It is easiest to think of a spherical image and a spherical Droste region, as a sphere only has one boundary whereas a rectangle has four. So let the entire picture be a unit circle. Consider first a single Droste operator at position \(\boldsymbol{p}\) with radius \(\rho < 1\). Here is a diagram of how that looks and what happens:

As you can see, Droste operation has a vanishing point (and, interestingly, the colour at this vanishing point can be chosen arbitrarily). The vanishing point is located at \[\boldsymbol{s} ~=~ \sum_{s=0}^\infty \rho^s \boldsymbol{p} ~=~ \frac{\boldsymbol{p}}{1-\rho} .\] The points that are in the first copy (red circle) are those points \(\boldsymbol{x}\) for which \(\left\|\boldsymbol{p}-\boldsymbol{x}\right\| \le \rho\). The points in the second copy (green circle) are those for which \(\left\|\boldsymbol{x}- \boldsymbol{p}(1+\rho)\right\| \le \rho^2\). Those in the \(i\)th copy are those for which \[\rho^i ~\ge~ \left\|\boldsymbol{x}- \boldsymbol{p}\sum_{s=0}^{i-1} \rho^s\right\| ~=~ \left\|\boldsymbol{x}- \boldsymbol{p}\frac{1-\rho^i}{1-\rho}\right\| ~=~ \left\|\boldsymbol{x}- \boldsymbol{s}+ \boldsymbol{s}\rho^i\right\| ~=~ \sqrt{ \left\|\boldsymbol{x}- \boldsymbol{s}\right\|^2 + 2 (\boldsymbol{x}- \boldsymbol{s})^\intercal\boldsymbol{s}\rho^i + \left\|\boldsymbol{s}\rho^i\right\|^2 }\] which we may square to \[\rho^{2 i} ~\ge~ \left\|\boldsymbol{x}- \boldsymbol{s}\right\|^2 + 2 \rho^i (\boldsymbol{x}- \boldsymbol{s})^\intercal\boldsymbol{s} + \rho^{2 i} \left\|\boldsymbol{s}\right\|^2\] So the largest integer \(i\) satisfying the above requirement (i.e. the nesting level of \(\boldsymbol{x}\)) is \[i(\boldsymbol{x}) ~=~ \left\lfloor\ln_\rho \left(\frac{b + \sqrt{b^2+c a}}{a}\right)\right\rfloor\] where \begin{align*} a &~=~ 1 - \|\boldsymbol{s}\|^2, & b &~=~ (\boldsymbol{x}-\boldsymbol{s})^\intercal\boldsymbol{s}, & c &~=~ \|\boldsymbol{x}-\boldsymbol{s}\|^2 . \end{align*} And hence the input point whose colour we should display at \(\boldsymbol{x}\) is \[f_{\boldsymbol{p},\rho}(\boldsymbol{x}) ~=~ \boldsymbol{s}+ (\boldsymbol{x}-\boldsymbol{s}) \rho^{-i(\boldsymbol{x})} .\] To render an image with a single Droste region, we assign to each output pixel \(\boldsymbol{x}\) the colour at input pixel \(\boldsymbol{x}' = f_{(\boldsymbol{p},\rho)}(\boldsymbol{x})\). If the input image is a bitmap and \(\boldsymbol{x}'\) falls between pixels we interpolate the values of its neighbouring pixels appropriately.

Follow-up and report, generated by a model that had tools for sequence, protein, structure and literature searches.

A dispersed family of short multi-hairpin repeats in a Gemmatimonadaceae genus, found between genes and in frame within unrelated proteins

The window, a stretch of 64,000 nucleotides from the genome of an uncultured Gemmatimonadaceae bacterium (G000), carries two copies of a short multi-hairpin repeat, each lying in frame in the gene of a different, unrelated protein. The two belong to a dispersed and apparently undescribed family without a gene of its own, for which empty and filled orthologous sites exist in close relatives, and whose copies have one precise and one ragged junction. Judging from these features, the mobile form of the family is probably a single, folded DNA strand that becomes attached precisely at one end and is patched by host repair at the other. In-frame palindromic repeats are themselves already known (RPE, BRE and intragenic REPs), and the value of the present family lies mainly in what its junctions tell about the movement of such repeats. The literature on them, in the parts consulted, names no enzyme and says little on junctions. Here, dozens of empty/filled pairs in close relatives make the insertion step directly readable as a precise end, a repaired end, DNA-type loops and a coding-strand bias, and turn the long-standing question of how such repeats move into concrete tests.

Images with multiple Droste regions are more complicated, as we can see each region in all others. Still, we can render it by determining the colour of each output pixel \(\boldsymbol{x}\). The colour comes from some input pixel \(\boldsymbol{x}'\) which we determine iteratively. We start by setting \(\boldsymbol{x}'=\boldsymbol{x}\). We then iterate over the list of Droste operators, and for each Droste operator \((\boldsymbol{p},\rho)\), we apply \(\boldsymbol{x}' \mapsto f_{(\boldsymbol{p},\rho)}(\boldsymbol{x}')\). We keep on doing this until \(\boldsymbol{x}'\) is outside all Droste regions. Then we assign to \(\boldsymbol{x}\) the colour of the input image at \(\boldsymbol{x}'\).

The above method resolves each individual Droste operator in a single shot. But it does not resolve multiple Droste operators. It would be interesting to see if an entire constellation of Droste operators can be resolved analytically. I doubt it, though.

Neighbouring output pixels typically come from neighbouring input pixels (but not so on the boundary of Droste regions). Can we use this to render faster?

Here is the Octave code I used to generate the above Drostified test image.

goback.m | Octave render script |

bkup.cpp | MEX file |

test.jpg | Input image |

Within Octave, first compile the MEX file using `mex bkup.cpp`

and then run the renderer with `goback`

.